Posted August 12, 2022
Video can be both the simplest and most confusing thing to have to deal with. It’s very much something that feels like a mountain of an obstacle to have to climb over to understand, but honestly when distilled into small parts it’s overall a pretty simple concept. And video is definitely something worth investing the time into learning, as people continue to gravitate toward different types of video consumption from their preferred media sources. If you do decide to break into video content for your product, here are a few things to keep note of.
One Size Does NOT Fit All
A common misconception is that you can make a single video and simply toss it on any app or platform, and it’ll look perfectly fine. A standard HD YouTube video will clock in at 1920 x 1080; but just because you made a video that fits on YouTube doesn’t mean you can take that same video and throw it up on Instagram.
“Reels,” as they’re called on Instagram, measure in at 1080 x 1920, or video posts can come in at 1080 x 1080. Taking a landscaped (horizontally oriented) video doesn’t always transfer well to other resolutions. A nifty trick that’s grown in popularity recently is to sort of “cheat” thing a bit by taking a landscaped video, centering it in a portrait (vertically oriented) or 1:1 square resolution, and taking the same video but blowing it up to fit the background space while heavily blurring it so only the centered video stands out.
If you’re a frequent Instagram user you’ve likely seen videos like this, and it’s a quick way to be able to circumvent the size differences of various apps. So if you plan on reusing a video you’ve created, just be aware of the size differences of every platform out there; it’s a quick thing to search for and it’ll save you any stress of having to scramble to fix an improperly sized video after it’s been uploaded.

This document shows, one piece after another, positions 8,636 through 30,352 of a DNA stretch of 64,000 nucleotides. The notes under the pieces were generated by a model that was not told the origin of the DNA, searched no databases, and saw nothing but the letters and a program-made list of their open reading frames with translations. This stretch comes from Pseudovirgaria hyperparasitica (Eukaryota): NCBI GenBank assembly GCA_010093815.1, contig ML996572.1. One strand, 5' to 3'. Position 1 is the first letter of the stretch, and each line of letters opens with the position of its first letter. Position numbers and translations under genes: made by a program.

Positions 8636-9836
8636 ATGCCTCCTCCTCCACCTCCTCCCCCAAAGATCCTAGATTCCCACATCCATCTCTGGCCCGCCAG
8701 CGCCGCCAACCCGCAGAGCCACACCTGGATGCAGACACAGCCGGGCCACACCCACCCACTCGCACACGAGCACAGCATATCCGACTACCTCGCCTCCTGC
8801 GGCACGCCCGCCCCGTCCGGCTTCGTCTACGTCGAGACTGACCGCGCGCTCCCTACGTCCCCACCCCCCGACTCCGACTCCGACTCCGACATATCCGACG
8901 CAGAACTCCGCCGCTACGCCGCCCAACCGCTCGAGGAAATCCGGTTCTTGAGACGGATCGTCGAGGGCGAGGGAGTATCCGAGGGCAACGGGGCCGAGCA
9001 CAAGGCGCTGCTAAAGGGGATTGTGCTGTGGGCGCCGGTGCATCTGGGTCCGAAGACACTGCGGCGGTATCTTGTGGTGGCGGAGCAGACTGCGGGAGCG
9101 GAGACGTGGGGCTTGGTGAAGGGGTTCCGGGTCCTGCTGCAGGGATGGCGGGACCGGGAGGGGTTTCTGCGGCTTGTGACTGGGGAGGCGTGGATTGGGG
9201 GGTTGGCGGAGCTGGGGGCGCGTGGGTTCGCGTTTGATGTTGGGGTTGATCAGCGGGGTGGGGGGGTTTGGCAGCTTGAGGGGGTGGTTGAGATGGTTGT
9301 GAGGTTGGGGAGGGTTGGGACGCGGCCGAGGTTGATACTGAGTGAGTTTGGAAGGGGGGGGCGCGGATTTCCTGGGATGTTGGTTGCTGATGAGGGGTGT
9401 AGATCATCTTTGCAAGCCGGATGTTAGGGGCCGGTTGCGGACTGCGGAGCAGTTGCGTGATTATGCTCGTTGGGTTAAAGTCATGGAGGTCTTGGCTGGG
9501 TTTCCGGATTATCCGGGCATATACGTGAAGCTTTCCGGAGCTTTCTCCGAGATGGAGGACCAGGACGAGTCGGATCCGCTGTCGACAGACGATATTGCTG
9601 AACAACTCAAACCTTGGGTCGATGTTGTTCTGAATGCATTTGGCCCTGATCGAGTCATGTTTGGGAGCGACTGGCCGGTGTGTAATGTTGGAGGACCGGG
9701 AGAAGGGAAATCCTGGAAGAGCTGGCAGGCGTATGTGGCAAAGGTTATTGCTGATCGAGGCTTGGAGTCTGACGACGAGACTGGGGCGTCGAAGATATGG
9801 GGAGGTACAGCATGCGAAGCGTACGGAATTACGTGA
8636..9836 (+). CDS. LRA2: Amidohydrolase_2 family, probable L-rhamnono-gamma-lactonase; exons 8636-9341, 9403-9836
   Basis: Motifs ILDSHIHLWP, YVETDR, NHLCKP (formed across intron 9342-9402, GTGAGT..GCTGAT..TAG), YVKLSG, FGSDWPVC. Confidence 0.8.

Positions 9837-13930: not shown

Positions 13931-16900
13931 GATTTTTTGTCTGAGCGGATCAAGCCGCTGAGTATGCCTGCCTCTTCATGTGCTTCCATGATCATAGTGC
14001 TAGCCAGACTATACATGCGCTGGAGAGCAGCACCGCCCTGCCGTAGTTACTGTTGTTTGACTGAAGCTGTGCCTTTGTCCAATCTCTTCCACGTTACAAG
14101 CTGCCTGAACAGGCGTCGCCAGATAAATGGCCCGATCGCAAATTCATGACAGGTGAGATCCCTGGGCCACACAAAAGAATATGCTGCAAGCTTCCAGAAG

The More the Merrier
When devising a video concept for your product or company, it can be easy to imagine how it’ll play out and make a sort of imaginary checklist of all the shots you want in the video. A common mistake with this is that videographers or photographers end up going out and getting only those specific shots, and when they finally get into the editing room they realize they might have too little footage for the timeframe they want to hit, or perhaps the shots they took weren’t good enough. This could cause you to have to spend more time (and money) to go back to the filming stage, and in turn delaying the project. It’s almost always better to have more footage than you actually need, because at the end of the day it’ll save you an immense amount of time and stress on the chance things go sideways in the editing room.
Learn Your Shortcuts
This may seem like an obvious one, but you’d be surprised how many people I’ve met who neglect this. Whatever video editor you decide to use, take the time to learn the shortcuts for the important actions; trust me, it’ll save you a ton of time. If you’re feeling particularly bold, buy one of those videogame mice with all the buttons on them; you can use all those extra buttons to set custom shortcuts and even have that mouse as your dedicated mouse purely for video editing!
CATEGORY: Brightly Creative